As the number of Americans with Covid-19 rapidly rises, doctors are among them, having no special immunity to the virus. They are being quarantined in large numbers, leaving hospitals short of staff to care for the influx of Covid-19 patients. In response, these facilities have started redeploying specialists like ophthalmologists, dermatologists, and even psychiatry residents like us to treat patients on coronavirus floors.
Sure, we’ve heard the mocking memes like, “Don’t go outside unless you want a psychiatrist treating your pneumonia.” We’re accustomed to people thinking psychiatrists aren’t real doctors. We’re usually OK with the jokes, but not now. During the pandemic, they are creating unnecessary fear.
We believe that if you are afflicted with Covid-19 and have a psychiatry resident as your doctor, there is no need to panic. In fact, there may even be some important benefits.
Psychiatrists are physicians, which means they went to medical school and passed the United States Medical Licensing Examination, a test of general medical knowledge required to start residency. All new doctors — including psychiatrists — have similar training in their first year of residency, also known as internship. This year involves working on units nearly identical to coronavirus units. As interns, psychiatry residents treat conditions ranging from pneumonia to heart attacks. Most also work in intensive care units taking care of a hospital’s most critically ill patients.
When psychiatry residents are redeployed, they are essentially repeating their internship experience. They work under the watchful eye of an attending physician. This experienced doctor supervises their work and ensures that Covid-19 patients receive appropriate care. In addition, pharmacists review their medication orders, and the electronic medical record implements a separate range of safety checks.
Interns and residents have always been a key part of hospitals’ medical teams and the primary face-to-face physician for patients. This was true before the coronavirus pandemic and it’s true now. The difference today is that your primary doctor may be a psychiatry resident who already completed her or his internship, rather than an internal medicine intern who hasn’t yet finished the first year of post-medical school training.
Having a psychiatry resident instead of an internal medicine resident as your doctor may actually offer unique benefits. Patients with respiratory illnesses are at risk of a range of psychiatric complications. Many will suffer from delirium, a disorienting condition in which patients become confused about where they are and what is happening. Some with this condition have visual hallucinations that psychiatrists specialize in treating.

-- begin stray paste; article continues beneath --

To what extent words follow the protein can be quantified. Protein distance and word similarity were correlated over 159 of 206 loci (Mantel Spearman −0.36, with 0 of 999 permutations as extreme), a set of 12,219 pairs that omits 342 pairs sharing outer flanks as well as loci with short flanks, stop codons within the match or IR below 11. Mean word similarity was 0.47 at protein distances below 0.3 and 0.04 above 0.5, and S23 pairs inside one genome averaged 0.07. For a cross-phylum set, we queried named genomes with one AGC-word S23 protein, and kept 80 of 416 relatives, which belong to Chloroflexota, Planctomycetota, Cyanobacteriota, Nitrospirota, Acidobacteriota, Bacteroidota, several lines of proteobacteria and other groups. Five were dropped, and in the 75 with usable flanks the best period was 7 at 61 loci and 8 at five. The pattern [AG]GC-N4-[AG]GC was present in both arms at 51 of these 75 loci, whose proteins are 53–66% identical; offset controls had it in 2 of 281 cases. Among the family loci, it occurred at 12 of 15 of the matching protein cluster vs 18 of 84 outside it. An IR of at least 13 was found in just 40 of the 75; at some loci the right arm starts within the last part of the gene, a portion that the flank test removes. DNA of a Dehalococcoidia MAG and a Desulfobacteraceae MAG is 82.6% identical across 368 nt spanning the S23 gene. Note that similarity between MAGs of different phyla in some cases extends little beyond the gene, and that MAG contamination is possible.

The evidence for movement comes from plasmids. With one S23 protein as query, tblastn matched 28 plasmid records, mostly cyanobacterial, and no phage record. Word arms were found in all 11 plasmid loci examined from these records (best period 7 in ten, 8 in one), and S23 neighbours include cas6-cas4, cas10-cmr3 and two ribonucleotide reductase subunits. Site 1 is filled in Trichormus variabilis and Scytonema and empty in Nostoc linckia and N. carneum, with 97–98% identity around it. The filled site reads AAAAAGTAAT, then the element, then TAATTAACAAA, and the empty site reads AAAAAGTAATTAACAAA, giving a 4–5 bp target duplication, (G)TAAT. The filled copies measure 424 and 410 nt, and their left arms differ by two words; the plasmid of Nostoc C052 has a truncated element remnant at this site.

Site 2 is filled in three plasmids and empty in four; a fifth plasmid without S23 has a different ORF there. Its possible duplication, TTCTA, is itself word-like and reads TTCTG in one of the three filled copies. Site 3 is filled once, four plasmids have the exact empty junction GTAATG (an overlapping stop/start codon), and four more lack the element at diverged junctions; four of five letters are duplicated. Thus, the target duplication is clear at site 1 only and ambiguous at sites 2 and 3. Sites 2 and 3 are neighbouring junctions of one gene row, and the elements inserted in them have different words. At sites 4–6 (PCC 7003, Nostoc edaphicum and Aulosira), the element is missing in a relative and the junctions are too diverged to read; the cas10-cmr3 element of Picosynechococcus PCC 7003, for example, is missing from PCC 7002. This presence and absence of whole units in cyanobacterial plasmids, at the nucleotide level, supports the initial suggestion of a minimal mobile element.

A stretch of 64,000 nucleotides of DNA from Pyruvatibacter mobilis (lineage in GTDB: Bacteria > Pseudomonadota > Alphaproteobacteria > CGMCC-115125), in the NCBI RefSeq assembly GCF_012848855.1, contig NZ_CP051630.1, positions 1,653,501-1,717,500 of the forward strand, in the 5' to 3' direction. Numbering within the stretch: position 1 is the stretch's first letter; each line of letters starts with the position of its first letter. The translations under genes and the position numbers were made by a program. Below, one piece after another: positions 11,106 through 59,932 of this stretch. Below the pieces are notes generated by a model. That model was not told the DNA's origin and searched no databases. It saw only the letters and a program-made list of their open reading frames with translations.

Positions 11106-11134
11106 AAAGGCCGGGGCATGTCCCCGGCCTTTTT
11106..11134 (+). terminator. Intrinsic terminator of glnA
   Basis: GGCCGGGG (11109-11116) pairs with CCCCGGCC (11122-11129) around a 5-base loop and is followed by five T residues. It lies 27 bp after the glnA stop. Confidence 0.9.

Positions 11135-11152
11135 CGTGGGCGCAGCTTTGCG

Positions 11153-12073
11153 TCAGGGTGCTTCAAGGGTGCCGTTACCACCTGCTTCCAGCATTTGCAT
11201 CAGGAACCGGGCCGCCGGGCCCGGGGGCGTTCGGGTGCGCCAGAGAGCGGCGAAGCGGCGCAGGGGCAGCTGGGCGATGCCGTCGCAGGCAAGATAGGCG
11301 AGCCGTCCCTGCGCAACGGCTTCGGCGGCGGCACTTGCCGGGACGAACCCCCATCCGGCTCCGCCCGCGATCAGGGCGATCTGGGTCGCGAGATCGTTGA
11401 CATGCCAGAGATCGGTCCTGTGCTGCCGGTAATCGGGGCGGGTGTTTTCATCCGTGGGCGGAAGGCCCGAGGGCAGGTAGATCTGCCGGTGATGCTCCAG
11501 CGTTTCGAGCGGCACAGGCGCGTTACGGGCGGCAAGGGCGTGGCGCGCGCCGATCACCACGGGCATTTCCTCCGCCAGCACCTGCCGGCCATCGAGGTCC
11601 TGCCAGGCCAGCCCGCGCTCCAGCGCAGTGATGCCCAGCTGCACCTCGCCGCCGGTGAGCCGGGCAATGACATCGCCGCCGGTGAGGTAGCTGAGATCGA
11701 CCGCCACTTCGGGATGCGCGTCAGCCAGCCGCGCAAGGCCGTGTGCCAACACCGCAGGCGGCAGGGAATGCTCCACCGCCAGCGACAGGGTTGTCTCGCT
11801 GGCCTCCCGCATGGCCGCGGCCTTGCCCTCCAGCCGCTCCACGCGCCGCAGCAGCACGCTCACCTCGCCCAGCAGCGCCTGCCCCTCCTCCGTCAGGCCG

We expect there will be a rise in post-traumatic stress disorder triggered by serious illness in the intensive care units and invasive procedures like the placement of breathing tubes. Psychiatry residents are more likely to identify and treat this condition, which can include nightmares, hypervigilance, and underrecognized symptoms like dissociative experiences, in which patients can have disturbances in how they perceive the world or themselves, including “out of body” experiences.
Some of the experimental medications for coronavirus, including hydroxychloroquine, have a range of psychiatric side effects, including nightmares, paranoia, and even suicidal thoughts. If these medications end up having clear benefits and their use becomes more widespread among patients with Covid-19, having psychiatrists available in the hospital will be key.
It goes without saying, but psychiatrists also have expertise in helping patients and families deal with the depression, anxiety, and grief that often accompany serious medical illness. Mental health issues are so common among people who are ill that psychiatrists are often called upon to provide consultations in the hospital. At the hospital where we both work, psychiatry consults are placed for 1 in 5 patients.
We agree with the opening sentiment of the anti-psychiatry memes floating around: People should stay home to prevent the spread of the coronavirus. But if you catch the infection and find yourself in the hospital with a redeployed psychiatry resident as your doctor, you’ll get excellent care.
Jack Turban and Chase T.M. Anderson are resident physicians in psychiatry at Massachusetts General Hospital.
Clear, thoughtful, beautiful comments by the authors. They stimulate one to step back and make sure the whole patient is treated and that we do not forget the mental health of those under our care. It is also a reminder to the medical community how we all are colleagues, along with nursing, putting our lives on the line for our patients. As an anesthesiologist I am reminded by the authors that we too are often regarded as technicians and not, “real doctors”. This is a group of medical experts keeping patients safe and alive during procedures.
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